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SOME COMPONENTS ARE WORTH REMANUFACTURING WHILE OTHERS SHOULD BE REPLACED. HOW DO YOU MAKE THE DECISION?
BY DEREK VANEK
Remanufacturing is the rebuilding of a product to specifications of the original manufactured product using a combination of reused, repaired and new parts. And it requires the repair or replacement of worn out or obsolete components and modules. The definition, developed by King, Burgess and others, defines a remanufacturing process as, “the only process where used products are brought at least to Original Equipment Manufacturer (OEM) performance specification from the customer’s perspective and, at the same time, are given warranties that are equal to those of equivalent new products.”
The U.S. is the largest remanufacturer in the world. Between 2009 and 2011, the value of U.S. remanufactured production grew by 15% to at least $43.0 billion, supporting 180,000 full-time jobs, according to the U.S. International Trade Commission.
Remanufacturing, though, might not be right for every application. Sitting at the heart of the decision is the used part that is at the end of its service life. A part that was removed due to failure is considered the same as a part that was disassembled from that same application due to obsolescence.
There are four main strategies for remanufacturing, each of which comes down to value and type of component, according to a study on “Remanufacturing Inspection Models,” by Exeter University, UK. It states: “If cores [end of service life components] are relatively cheap, disposal is an effective way of increasing the reliability of the population as a whole. If cores are expensive they must be processed almost regardless of cost. In the case of low value cores, there is often a new alternative that can be purchased in its place.”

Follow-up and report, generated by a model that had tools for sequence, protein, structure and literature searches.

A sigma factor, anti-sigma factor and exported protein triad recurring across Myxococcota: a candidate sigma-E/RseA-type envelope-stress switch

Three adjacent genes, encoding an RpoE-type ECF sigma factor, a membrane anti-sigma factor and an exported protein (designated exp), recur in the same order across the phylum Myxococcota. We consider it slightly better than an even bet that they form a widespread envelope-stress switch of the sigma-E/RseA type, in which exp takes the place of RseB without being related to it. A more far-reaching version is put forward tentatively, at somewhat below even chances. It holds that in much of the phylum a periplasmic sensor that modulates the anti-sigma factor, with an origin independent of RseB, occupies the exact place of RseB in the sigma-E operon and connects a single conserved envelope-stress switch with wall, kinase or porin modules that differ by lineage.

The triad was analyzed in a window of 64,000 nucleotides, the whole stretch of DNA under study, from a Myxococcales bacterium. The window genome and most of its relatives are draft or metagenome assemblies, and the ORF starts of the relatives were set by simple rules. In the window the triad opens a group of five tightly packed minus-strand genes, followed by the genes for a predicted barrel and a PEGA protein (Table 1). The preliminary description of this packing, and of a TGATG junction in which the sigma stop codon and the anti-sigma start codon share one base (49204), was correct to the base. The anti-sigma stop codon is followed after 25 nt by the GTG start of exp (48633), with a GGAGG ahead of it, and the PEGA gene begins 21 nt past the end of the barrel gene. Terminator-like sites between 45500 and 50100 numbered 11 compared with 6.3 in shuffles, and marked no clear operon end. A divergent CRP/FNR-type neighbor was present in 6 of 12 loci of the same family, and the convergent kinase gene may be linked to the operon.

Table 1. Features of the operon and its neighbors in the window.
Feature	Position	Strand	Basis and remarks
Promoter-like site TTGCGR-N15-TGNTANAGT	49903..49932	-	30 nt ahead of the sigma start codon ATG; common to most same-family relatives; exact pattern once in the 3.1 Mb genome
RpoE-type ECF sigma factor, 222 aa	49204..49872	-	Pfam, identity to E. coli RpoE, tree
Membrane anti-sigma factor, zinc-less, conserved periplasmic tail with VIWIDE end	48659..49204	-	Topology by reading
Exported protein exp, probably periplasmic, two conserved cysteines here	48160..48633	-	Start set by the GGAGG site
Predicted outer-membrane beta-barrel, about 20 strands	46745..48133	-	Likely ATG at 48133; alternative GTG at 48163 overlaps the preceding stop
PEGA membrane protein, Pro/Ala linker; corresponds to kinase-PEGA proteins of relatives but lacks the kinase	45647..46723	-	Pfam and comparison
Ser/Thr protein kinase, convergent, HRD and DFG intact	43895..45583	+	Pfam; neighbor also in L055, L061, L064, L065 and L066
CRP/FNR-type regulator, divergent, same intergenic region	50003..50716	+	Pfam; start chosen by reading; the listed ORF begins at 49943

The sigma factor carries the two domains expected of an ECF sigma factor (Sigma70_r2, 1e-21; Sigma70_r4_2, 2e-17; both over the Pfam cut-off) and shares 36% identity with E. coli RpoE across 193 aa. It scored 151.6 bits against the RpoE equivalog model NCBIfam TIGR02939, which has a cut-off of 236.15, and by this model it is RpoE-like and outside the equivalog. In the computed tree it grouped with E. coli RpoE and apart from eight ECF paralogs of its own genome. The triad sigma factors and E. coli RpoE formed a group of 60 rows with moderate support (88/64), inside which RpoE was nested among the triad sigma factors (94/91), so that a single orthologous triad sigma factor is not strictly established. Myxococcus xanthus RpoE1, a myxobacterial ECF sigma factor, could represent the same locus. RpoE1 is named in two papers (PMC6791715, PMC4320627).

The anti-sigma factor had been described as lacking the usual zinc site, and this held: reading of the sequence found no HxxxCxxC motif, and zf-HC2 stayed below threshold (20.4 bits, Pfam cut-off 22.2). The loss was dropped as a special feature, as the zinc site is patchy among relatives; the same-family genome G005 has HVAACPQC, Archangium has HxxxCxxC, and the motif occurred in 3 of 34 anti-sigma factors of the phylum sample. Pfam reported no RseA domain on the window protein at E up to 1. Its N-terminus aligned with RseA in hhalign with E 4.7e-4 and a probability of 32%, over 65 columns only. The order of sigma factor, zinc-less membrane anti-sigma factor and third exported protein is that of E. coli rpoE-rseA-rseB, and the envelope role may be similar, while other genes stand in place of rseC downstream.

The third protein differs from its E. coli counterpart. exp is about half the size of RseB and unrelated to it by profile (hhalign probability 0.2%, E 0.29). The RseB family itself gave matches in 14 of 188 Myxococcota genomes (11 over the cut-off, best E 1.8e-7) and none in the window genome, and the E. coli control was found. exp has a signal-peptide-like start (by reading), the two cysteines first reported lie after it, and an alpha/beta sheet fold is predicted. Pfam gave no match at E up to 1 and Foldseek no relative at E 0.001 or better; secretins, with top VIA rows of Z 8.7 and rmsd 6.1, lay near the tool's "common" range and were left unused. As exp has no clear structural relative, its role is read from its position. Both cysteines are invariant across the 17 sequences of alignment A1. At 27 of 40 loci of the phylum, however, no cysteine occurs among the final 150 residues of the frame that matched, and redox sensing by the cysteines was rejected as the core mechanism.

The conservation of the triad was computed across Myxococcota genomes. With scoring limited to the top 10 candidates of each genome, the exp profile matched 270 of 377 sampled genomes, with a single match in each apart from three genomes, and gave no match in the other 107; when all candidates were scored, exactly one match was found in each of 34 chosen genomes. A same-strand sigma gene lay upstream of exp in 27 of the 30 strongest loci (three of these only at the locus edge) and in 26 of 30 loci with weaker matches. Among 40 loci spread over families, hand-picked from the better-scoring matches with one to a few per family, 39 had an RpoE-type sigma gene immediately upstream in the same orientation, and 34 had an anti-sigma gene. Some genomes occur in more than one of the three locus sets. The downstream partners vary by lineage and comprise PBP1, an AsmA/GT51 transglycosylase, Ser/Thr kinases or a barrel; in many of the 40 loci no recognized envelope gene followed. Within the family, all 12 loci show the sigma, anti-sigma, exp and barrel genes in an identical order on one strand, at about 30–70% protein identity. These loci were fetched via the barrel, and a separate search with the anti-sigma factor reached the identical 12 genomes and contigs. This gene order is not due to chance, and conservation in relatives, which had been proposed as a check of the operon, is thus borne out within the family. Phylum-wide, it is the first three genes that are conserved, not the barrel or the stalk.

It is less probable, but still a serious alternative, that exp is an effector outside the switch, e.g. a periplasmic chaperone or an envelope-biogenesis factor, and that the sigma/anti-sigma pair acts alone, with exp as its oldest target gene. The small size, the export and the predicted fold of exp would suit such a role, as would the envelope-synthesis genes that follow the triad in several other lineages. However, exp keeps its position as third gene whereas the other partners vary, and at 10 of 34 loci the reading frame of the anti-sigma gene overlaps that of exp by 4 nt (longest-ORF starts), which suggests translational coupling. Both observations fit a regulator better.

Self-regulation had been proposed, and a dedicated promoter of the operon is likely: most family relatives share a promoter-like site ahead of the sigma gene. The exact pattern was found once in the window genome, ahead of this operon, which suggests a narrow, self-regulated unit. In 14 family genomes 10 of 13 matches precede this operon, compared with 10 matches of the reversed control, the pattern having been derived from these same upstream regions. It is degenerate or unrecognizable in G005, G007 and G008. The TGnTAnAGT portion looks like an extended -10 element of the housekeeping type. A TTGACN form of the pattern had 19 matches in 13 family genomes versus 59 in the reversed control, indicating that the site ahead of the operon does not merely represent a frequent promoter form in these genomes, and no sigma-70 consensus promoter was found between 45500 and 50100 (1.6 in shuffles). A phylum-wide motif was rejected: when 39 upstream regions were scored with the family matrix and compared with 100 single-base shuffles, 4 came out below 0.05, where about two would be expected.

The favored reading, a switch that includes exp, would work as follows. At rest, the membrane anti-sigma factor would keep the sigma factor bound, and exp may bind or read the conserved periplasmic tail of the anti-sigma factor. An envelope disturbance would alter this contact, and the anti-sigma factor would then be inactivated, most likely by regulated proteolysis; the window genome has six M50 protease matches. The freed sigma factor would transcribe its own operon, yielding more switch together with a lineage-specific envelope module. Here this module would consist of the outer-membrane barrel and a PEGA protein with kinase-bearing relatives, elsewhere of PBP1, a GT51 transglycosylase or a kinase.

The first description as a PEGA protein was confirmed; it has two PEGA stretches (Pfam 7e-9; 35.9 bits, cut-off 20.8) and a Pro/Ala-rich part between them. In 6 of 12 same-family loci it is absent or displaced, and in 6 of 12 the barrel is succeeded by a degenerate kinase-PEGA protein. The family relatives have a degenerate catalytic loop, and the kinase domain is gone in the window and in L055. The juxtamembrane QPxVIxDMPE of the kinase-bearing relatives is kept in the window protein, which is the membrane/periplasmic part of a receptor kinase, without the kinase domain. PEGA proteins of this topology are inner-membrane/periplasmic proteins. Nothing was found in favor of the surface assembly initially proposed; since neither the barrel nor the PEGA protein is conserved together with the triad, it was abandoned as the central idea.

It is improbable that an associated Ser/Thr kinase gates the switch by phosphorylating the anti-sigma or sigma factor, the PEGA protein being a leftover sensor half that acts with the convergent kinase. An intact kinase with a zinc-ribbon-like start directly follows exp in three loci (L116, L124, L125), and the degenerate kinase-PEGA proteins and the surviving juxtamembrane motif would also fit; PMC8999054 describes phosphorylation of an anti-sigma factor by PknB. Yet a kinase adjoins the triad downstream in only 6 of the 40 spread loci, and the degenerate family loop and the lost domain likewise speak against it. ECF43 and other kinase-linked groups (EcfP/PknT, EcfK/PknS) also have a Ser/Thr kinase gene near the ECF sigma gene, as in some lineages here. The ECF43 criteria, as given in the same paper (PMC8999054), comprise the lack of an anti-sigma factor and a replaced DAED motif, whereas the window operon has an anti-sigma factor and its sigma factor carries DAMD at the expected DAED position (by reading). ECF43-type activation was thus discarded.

Ultimately, the decision to remanufacture a component is made by the OEM or by the company that owns and uses the equipment. This decision depends on the lead time to make a new part. In order to create a new component for an existing turbine, the base material needs to be the same, which is not always accessible if the component is made out of an alloy.
To assess whether it is worth remanufacturing, the value of the part helps determine if it is worth repairing. Compare the cost of repair to the cost to remake the component. If the repair costs more than 25% of the value to remake the part, remanufacturing is not an option. It is more effective to replace the part. Remanufacturing of a component, then, should be assessed on a case-by-case basis. Different processes might be used in the remanufacturing process than were used in manufacturing the original equipment or part. Further, a repair may result in transportation costs.
Due to the high cost of turbomachinery equipment combined with the lead time required to purchase new equipment, remanufacturing generally remains an option. Nevertheless, there can still be instances when remanufacturing is not viable, because it costs more in time and energy to restore a part than to replace. In some cases, remanufacturing cannot be considered due to the wear, corrosion, or other damage to the part. In other cases, there may be dimensional limits in the design scheme that hinders the ability to perform a selective plating application.